Skirling House - Nearby towns

The cities of Edinburgh and Glasgow, with their many cultural, architectural and historical attractions, are both less than an hour from the village by bus or car, and there are several attractive towns nearby, each with its own distinctive character.

Biggar

The nearest town to Skirling House is Biggar, a town notable for its shops and museums. Biggar High Street is worth a stroll for its many independent retailers, coffee shops and pubs. The independent bookseller Atkinson Pryce has a great choice of new and second hand books as well as coffee and comfy seats for browsing. There are some excellent gift shops and two delicatessens both of which serve a good cup of coffee. There are no fewer than five clothes shops and a very tempting shoe and handbag store. Local Taylor’s ice-cream and a great selection of chocolates are to be found at Cones and Candies, and there are several independent food stores. Add to this Boa’s, the ironmonger that stocks everything and award winning public toilets and how can you miss out on the Biggar shopping experience.

Peebles

Peebles is an ancient and elegant Royal Burgh set beside the River Tweed. It has been named the “Top Independent Retail Town” in Scotland because of the wide range of distinctive shopping opportunities. (We can certainly recommend Forsyth’s the butcher, where we buy our bacon, black pudding and sausages.) It is also a centre for the performing arts, with the Eastgate Theatre and Arts Centre welcoming touring theatre and dance companies, hosting concerts and mounting exhibitions of art and craft work throughout the year. Three miles to the east of the town is the internationally recognised Glentress Mountain Bike centre, which offers some of the best (if at times a little unnerving) mountain biking in the United Kingdom. It’s one way of working off a Skirling House breakfast, we suppose.

Moffat

Moffat is a charming town just three minutes off the M74 motorway. In former times it was a spa town, and there’s a museum to recall those days. Today the town has a wide variety of shops selling books, fine produce and fragrances. People in Moffat take great pride in their gardens, and the hanging baskets in the town add a really welcoming touch. On a somewhat larger scale the Community Nature Reserve, recently established, comprises three distinct habitat areas: a large pond with trees, a flooded meadow and an agricultural field.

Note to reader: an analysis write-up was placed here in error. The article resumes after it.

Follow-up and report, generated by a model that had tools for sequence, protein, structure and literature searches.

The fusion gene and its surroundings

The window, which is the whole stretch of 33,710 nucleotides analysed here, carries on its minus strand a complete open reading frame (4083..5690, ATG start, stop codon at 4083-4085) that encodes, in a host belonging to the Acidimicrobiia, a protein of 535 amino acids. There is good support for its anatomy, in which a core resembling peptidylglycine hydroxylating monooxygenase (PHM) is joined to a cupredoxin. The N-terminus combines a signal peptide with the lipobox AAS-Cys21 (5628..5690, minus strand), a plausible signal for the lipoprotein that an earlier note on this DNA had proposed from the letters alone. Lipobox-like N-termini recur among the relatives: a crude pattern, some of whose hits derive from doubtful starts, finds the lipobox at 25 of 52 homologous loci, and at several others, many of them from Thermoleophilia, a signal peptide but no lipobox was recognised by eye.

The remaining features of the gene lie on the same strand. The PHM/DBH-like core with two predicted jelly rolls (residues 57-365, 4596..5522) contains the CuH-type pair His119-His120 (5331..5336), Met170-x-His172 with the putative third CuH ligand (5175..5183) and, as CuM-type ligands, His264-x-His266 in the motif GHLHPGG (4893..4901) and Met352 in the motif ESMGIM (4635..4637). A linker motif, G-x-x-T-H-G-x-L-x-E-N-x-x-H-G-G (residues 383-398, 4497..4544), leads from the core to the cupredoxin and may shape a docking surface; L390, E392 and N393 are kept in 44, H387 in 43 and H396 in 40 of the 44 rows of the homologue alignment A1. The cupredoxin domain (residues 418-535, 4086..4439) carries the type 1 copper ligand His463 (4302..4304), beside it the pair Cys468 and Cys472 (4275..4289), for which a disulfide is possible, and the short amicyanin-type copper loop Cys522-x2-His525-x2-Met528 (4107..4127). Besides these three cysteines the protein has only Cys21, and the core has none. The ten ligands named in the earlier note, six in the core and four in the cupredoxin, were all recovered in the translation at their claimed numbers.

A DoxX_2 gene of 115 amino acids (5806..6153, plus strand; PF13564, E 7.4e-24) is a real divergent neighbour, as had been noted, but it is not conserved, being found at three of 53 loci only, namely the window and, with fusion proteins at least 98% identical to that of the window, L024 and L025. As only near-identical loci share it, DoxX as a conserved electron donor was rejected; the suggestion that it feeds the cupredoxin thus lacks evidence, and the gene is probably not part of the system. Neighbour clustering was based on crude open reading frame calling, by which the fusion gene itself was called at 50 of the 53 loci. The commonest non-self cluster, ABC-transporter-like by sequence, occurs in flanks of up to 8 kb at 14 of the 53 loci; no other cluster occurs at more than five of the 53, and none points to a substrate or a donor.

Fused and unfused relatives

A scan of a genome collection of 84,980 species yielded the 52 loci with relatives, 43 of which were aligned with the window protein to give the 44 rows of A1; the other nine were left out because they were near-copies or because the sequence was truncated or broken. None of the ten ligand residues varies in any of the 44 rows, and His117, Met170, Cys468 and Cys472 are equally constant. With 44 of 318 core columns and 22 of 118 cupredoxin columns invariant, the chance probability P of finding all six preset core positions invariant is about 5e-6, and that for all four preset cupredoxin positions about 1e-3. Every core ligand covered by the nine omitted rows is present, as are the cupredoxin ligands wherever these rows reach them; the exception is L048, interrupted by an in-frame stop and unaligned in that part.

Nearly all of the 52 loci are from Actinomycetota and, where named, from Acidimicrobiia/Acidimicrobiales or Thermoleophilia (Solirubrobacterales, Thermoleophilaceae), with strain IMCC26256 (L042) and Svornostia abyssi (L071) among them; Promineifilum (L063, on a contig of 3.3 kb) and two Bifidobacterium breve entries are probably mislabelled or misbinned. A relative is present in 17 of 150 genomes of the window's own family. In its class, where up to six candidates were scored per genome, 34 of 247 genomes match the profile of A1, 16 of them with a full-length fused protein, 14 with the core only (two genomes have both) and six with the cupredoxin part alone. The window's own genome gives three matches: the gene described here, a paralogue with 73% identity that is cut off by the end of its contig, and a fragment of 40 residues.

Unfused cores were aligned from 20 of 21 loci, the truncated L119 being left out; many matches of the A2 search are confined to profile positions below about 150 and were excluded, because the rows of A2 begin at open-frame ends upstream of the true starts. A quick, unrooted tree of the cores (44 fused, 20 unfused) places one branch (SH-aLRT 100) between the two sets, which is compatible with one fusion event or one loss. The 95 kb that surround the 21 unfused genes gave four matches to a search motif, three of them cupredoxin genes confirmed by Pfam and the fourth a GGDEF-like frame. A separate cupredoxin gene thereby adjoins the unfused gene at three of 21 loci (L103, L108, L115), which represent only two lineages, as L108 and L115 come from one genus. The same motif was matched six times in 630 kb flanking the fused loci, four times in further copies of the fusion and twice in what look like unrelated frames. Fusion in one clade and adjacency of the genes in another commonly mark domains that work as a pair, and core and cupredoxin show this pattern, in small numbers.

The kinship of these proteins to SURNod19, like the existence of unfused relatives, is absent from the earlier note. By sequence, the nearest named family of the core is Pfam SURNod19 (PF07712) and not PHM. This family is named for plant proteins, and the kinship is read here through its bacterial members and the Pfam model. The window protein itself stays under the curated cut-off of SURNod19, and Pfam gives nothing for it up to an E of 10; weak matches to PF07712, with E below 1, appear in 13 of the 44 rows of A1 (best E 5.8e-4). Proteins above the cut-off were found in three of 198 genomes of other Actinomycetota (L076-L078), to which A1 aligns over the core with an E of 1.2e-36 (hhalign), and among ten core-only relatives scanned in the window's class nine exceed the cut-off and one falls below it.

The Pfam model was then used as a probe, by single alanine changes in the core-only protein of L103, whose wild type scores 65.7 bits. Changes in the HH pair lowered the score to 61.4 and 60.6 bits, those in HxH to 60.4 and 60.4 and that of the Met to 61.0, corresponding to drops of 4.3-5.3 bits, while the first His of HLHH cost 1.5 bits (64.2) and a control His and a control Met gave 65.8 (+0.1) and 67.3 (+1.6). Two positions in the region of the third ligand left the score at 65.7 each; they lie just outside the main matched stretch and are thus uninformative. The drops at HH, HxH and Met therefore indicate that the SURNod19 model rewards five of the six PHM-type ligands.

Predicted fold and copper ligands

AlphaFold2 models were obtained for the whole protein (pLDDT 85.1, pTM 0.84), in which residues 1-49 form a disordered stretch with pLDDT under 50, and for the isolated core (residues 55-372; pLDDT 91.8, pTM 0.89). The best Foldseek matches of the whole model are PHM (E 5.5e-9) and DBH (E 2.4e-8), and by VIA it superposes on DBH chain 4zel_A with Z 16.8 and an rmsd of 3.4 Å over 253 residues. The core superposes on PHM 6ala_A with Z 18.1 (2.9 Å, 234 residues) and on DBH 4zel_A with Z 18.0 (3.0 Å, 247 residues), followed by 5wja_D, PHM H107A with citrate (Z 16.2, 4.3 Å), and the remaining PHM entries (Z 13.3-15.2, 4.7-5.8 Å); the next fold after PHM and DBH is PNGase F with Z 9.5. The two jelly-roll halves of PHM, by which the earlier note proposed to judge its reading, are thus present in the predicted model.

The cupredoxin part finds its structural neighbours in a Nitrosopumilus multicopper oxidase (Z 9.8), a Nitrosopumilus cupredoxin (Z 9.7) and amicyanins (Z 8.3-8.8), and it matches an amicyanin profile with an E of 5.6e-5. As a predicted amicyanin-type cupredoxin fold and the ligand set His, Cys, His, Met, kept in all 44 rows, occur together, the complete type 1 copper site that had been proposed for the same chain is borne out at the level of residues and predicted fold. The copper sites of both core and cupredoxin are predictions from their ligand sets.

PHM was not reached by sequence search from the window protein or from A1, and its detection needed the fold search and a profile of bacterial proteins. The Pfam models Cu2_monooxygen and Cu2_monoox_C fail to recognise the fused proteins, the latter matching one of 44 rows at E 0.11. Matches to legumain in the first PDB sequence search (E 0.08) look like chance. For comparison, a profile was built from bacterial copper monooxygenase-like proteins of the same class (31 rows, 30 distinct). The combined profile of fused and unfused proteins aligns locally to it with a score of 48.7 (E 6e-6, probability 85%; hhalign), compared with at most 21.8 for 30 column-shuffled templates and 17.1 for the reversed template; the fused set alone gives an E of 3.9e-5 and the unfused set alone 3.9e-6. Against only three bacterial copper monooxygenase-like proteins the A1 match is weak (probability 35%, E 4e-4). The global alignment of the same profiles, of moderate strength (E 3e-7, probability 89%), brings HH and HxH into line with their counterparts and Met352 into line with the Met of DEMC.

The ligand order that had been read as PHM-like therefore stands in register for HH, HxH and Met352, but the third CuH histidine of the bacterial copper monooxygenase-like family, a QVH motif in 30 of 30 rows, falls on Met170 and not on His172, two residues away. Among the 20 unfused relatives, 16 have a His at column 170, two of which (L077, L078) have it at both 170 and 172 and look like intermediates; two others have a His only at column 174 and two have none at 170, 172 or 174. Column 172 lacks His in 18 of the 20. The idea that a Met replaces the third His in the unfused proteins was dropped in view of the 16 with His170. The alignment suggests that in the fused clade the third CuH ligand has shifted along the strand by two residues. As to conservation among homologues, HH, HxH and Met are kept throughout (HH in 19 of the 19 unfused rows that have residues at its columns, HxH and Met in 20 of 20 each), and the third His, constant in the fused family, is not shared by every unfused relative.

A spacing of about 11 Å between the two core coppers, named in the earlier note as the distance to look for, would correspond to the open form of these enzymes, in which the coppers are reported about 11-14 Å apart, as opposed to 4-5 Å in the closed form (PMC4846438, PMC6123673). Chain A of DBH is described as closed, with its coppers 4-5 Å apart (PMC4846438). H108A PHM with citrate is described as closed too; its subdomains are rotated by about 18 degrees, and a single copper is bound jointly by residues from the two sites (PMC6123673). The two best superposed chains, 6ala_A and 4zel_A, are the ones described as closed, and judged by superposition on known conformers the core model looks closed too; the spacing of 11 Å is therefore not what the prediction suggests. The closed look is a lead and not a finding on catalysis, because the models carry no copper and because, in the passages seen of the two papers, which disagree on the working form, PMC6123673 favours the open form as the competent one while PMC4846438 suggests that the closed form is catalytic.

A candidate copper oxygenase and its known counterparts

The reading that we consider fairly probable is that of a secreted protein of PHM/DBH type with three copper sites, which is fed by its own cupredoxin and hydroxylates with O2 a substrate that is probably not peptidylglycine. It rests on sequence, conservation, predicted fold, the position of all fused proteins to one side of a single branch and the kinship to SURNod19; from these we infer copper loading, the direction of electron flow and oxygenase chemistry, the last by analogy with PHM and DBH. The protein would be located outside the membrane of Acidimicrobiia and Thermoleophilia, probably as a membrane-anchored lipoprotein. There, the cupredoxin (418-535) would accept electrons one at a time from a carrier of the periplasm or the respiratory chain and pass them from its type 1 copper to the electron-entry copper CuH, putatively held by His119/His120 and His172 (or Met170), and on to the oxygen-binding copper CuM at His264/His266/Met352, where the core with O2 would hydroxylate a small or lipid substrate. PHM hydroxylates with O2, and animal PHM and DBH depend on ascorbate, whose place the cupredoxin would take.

Moffat is also the starting point for one of the most picturesque journeys in Southern Scotland. If you take the road to Selkirk you will go through the finest U-shaped valley in Southern Scotland to arrive at the Grey Mare’s Tail, a quite spectacular waterfall. Further on you come to two lochs, the Loch of the Lowes and St. Mary's Loch. Between the two is Tibbie Shiel's Inn, a cafe, with a most impressive statue of James Hogg, “the Ettrick Shepherd” who wrote “Confessions of a Justified Sinner”, a classic which only had to wait for a mere century or so before becoming a best seller. From St Mary’s Loch you can either turn north into Tweedsmuir and see the Devil’s Beef Tub, an intriguing bit of geology, or else carry on to Peebles, which is also a good shopping town.

Thornhill

Thornhill in Nithsdale, close to Drumlanrig Castle is a fine example of an 18th Century planned village. Situated on the main road to Kilmarnock it still has a couple of former coaching inns, together with some good shops for browsing. It’s not far from Ellisland Farm, once farmed with no great success by Robert Burns, which has been turned into a popular museum and visitor attraction and is well worth a visit.